Hot ‘n Now, the value-oriented hamburger chain that found a niche with 39-cent burgers, fries and soft drinks, evidently isn’t as hot as Taco Bell Corp. once thought.
The Irvine-based fast-food giant plans to sell most of its remaining Hot ‘n Now locations to franchisees and licensees during the coming year as it moves to cut operating losses at the chain.
Taco Bell has said relatively little about the value-oriented burger chain since buying it in 1990 from a Kalamazoo, Mich.-based restaurateur. The chain only has one California restaurant, in Santa Ana, with most of its more than 100 locations clustered in the Midwest and East.
Executives at Taco Bell have treated Hot ‘n Now as a “test brand” since acquiring the chain that opened in 1984, tinkering with its menu, searching for the combination of product, price and service that would spotlight the brand in a nation that’s awash in burger restaurants.
Taco Bell Chairman John Martin told a restaurant industry magazine in 1993 that he didn’t “feel comfortable having franchisees invest a lot of money in Hot ‘n Now until we had it right.” But Martin also stirred up anticipation in that interview by hinting that Hot ‘n Now might one day grow to as many as 5,000 locations.
Hot ‘n Now, which reportedly has closed 80 or more stores in recent months, might still be destined for dramatic growth. But if the chain does mount a serious challenge to the nation’s top burger restaurants, it will be through franchisees and licensees--not through company-owned locations.
Taco Bell executives refuse to discuss the chain’s revenue or profitability--or even confirm how many Hot ‘n Now locations remain open. But, earlier this month, PepsiCo Inc., Taco Bell’s corporate parent, said that most of Taco Bell’s company-owned burger restaurants will be sold to franchisees and licensees.
PepsiCo’s annual report states that the sale is part of a drive to cut operating losses at the burger chain. The anticipated sales will “significantly reduce Hot ‘n Now’s operating losses in 1995.”
While PepsiCo’s annual report paints a relatively bleak picture for Hot ‘n Now, Taco Bell spokesman Jonathan Blum said that the chain’s concept has been refined, and that the package is going to be attractive to potential franchisees and licensees.
“What we did was go into the test markets with a slightly revised concept and offer new products and marketing,” Blum said. “It proved viable . . . and we’re now in the process of rolling that concept out.”
Some restaurant industry observers question whether Taco Bell would be selling its stores if Hot ‘n Now was in a sizzling growth mode. Other observers say that the sale of company-owned locations might be driven by ongoing cost-cutting at PepsiCo’s restaurant division that’s designed to bolster operating profits in a tough and competitive economic environment.
Taco Bell’s assertion that the Hot ‘n Now concept is ready for sale to franchisees isn’t shared by Florida-based franchisee Richard Loehr, who recently closed six money-losing Hot ‘n Now restaurants and laid off 300 employees.
“They’re trying to give these franchises away, and they can’t do it,” said Loehr, who has filed suit against Taco Bell and PepsiCo in U.S. District Court. “It’s a disaster out there now in the Hot ‘n Now system.”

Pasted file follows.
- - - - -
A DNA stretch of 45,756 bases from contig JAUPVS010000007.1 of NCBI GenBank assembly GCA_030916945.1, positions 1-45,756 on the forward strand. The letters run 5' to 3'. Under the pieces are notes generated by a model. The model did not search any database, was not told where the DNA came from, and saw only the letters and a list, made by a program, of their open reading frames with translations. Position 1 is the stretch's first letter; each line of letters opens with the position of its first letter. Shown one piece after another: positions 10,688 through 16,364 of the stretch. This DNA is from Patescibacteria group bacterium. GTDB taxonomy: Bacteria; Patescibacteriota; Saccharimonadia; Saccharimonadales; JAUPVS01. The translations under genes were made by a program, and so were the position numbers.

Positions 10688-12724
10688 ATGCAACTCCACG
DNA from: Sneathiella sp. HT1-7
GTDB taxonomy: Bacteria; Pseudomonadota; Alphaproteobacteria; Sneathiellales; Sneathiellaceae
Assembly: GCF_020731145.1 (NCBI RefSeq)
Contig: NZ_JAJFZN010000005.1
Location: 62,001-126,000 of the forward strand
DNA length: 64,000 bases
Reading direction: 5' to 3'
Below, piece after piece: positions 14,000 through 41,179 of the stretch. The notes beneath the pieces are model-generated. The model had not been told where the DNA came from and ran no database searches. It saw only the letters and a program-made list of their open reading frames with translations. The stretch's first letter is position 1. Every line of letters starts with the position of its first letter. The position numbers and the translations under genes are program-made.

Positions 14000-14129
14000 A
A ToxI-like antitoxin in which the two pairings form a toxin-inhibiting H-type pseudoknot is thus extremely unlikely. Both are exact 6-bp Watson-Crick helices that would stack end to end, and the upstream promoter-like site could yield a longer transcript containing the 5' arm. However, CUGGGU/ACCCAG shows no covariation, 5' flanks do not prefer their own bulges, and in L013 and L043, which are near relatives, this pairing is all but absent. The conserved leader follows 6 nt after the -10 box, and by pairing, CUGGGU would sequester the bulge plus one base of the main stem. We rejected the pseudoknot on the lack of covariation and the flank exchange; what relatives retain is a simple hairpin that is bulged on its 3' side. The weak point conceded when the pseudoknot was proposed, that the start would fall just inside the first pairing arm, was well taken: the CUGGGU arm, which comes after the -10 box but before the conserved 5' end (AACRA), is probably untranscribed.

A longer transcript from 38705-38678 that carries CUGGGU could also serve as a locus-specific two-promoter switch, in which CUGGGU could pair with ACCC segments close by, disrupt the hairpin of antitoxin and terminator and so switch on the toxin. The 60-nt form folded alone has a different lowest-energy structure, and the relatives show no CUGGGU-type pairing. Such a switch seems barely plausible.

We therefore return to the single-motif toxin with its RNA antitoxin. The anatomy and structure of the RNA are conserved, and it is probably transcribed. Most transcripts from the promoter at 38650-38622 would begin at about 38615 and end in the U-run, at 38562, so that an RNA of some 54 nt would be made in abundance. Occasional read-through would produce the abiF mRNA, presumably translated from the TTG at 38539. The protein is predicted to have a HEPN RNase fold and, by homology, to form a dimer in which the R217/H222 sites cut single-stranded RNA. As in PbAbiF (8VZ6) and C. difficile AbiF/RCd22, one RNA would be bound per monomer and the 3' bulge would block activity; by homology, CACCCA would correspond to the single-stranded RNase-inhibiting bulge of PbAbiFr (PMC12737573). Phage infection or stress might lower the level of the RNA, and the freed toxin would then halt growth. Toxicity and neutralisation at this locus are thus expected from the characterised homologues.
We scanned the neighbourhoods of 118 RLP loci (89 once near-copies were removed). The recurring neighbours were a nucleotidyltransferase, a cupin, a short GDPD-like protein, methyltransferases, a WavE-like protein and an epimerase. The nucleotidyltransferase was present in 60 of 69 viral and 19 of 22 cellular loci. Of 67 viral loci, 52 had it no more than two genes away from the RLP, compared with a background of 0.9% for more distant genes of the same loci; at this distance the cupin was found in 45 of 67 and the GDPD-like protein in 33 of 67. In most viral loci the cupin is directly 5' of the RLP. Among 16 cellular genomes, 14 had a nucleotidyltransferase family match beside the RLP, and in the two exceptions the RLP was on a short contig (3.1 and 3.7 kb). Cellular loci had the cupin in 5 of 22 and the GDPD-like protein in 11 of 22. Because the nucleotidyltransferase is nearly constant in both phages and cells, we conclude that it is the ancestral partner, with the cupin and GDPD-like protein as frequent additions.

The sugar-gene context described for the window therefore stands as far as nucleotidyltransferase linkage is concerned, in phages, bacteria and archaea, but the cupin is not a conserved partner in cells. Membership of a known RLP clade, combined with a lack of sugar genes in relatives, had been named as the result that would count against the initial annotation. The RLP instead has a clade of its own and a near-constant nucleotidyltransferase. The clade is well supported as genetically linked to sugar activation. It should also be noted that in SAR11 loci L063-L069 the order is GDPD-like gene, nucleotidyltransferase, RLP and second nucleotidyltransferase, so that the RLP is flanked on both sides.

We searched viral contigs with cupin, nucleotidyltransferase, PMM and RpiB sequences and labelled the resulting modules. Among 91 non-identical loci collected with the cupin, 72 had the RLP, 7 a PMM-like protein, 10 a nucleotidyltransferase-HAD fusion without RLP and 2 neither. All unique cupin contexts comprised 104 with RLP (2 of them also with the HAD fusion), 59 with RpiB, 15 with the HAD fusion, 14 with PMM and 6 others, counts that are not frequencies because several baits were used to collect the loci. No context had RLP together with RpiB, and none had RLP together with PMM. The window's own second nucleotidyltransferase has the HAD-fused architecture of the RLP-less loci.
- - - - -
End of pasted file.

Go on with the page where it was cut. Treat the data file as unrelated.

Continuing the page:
In a suit filed March 16 in Fort Lauderdale, Fla., Loehr alleges that Taco Bell failed to properly support his six Florida restaurants. “Store evaluations slowed to a trickle, advertising and marketing support all but vanished, training and support was nonexistent,” according to the suit that seeks in excess of $100 million in damages.
Loehr, who said he was losing as much as $50,000 a month recently, acknowledged that his units remained profitable after Taco Bell acquired the Hot ‘n Now chain in 1990. But he maintains that sales and profit plummeted in 1993 as corporate support fell by the wayside.
“The consistency that is so critical to the success of the Hot ‘n Now system all but vanished,” Loehr said, and consumers were confused as Taco Bell experimented with items that clashed with the chain’s value-oriented menu.
In early 1994, Loehr alleges, Taco Bell closed as many as 80 Hot ‘n Now restaurants, including all of its company-owned Florida locations. Taco Bell maintained that the closings were temporary, Loehr said, but at least two of the stores later reopened as Taco Bell restaurants.
“They’re not going to reopen those stores,” Loehr said. “They’re history. Hot ‘n Now is history. They can share all the little stories that they want to in the (PepsiCo) annual report, but this has turned into a nightmare.”
Taco Bell’s stewardship hasn’t impressed Hot ‘n Now founder William Van Domelen, who resigned from the company shortly after selling the chain in 1990. Van Domelen said that franchisees began to complain about the chain’s direction in 1993, after former Hot ‘n Now President Don Pierce left the company.
“They changed the concept,” said Van Domelen, who hopes to return to the restaurant business next year. “The menu is more complicated and the service is definitely slower.
“With Don Pierce, they drove the sales up even higher,” Van Domelen said. “But when Don left, it’s like the wheels started to come off. The franchisees would call me but I’d have to say I didn’t know what was going on. All I knew is that the changes were counterproductive.”
Taco Bell executives and Hot ‘n Now Vice President and General Manager Steve Carley declined to comment on the suit or on franchising plans for the burger chain. “At this point there’s just nothing more we would be able to say,” Blum said.
Hot ‘n Now’s failure to grow rapidly is baffling, given Taco Bell’s proven ability to turn a profit with its rapidly growing Mexican-style fast-food chain, Van Domelen said.
“I felt quite sure that they were going to take it and run,” Van Domelen said. “I figured they’d probably have 4,000 to 5,000 stores by this time. I was convinced that they could really do it.”